RAM stands for Relationship Access Manager. I just followed the pages that came up, downloaded an app, verified my identification again, and it worked.

    The Business Portal is not the prettiest or most user-friendly thing. There was an instructions page that saved me.

    And so I registered for GST.

    The whole process took me around 45 minutes.

    I’ll probably only ever do this once in my life. Thank goodness.

    Tomorrow I’ll tell you about how I split my business and personal expenses. The day after I’ll talk about how I defined my bookkeeping rituals (most people call these standard operating procedures).

    • 7 min
    Getting my s**t together: Where does it all go?

    Getting my s**t together: Where does it all go?

     This is my journey to apply the book, Unf*ck your finances. The book is about personal finances but I’ve added actions specific to working for myself.

    If you want a bit more context, the prelude pieces are Hope can be scary, Why do we never talk about personal finance?, and Getting my s**t together: the plan for the next quarter.

    The next thing I’m doing from the plan I made a few days ago is to understand where my money is spent.

    I want to start noticing where I’m spending my money
    The questions I want to ask are:


    Who do I spend with?
    Do I agree with their supply chains, their culture, the way they do things?

    I’ve just added these questions to my weekly reflection questions.

    Another part of this is making a habit of questioning my purchases.

    I’ve gone through my fixed expenditure in past posts but I haven’t talked about variable expenditure.

    I’ve used YNAB in the past but I’ve been manually keying and it was taking more time than it added value. I also refused to use adjustment transactions so I would go to extreme (and unnecessary) lengths to figure out discrepancies and get accounts to reconcile.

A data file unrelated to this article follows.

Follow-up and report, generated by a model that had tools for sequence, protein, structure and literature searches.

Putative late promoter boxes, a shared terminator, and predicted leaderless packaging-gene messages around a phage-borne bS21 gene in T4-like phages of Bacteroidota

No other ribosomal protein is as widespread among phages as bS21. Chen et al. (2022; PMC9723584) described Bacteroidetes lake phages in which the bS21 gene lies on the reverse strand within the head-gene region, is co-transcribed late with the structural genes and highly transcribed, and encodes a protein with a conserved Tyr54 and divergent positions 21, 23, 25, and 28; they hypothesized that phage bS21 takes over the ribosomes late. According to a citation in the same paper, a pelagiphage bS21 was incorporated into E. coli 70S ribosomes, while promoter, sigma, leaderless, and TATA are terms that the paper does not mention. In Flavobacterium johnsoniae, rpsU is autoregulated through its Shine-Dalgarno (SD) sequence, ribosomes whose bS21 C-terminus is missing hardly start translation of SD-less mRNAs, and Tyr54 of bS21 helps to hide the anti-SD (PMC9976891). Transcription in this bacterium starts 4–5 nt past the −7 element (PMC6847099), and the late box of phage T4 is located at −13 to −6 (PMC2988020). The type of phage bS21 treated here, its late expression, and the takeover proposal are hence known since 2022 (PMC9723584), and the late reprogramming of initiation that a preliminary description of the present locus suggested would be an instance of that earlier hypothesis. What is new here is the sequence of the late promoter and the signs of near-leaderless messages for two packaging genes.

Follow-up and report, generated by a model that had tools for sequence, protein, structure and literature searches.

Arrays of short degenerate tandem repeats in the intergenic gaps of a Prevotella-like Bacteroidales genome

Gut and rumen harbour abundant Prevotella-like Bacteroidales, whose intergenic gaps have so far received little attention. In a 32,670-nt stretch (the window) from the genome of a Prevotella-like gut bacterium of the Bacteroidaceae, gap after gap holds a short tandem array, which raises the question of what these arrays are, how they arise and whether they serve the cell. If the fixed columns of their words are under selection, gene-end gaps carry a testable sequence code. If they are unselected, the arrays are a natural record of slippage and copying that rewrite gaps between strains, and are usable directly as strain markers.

To do this:

    1. I’m splitting my business and personal finances. This should have happened earlier.

    2. I’m splitting my personal fixed costs and my personal variable costs. I’m doing this by using separate accounts.

    What this means is that I can review one account to see my variable discretionary spending. More on this in future articles. For now…

    I want to set up a system to help me notice where I’m spending my money
    The other thing I’m doing is setting up Pocketbook. I’ll categorise the June expenses to date (and see how long it takes) and see what my backwards looking discretionary spending looks like.

    90 minutes later

    I did not expect that to take 90 minutes.

    I went through 30 days of expenses, creating custom categories as I went.

    I made a bonus discovery: I accidentally doubled up on a payment and I’m $800 richer than I thought I was. YAY!

     

    If 30 days of categorisation takes 90 minutes, I would hope that I can keep a weekly run through at around 10 minutes.

    I’ll let you know when it happens on Monday.

    A reflection on historical data
    I’ve had a flick through the last 30 days.

    Without historical trends to look at (I cannot express how tempting it is to go back and categorise a few more months), the biggest question I have for myself is:

    Is it in line with where I want to go to be spending $500 (AUD) on eating out in one month?

    • 5 min
    Getting my s**t together: Where is my money invested?

    Getting my s**t together: Where is my money invested?

    This  is my journey to apply the book, Unf*ck your finances. The book is  about personal finances but I’ve added actions specific to working for  myself.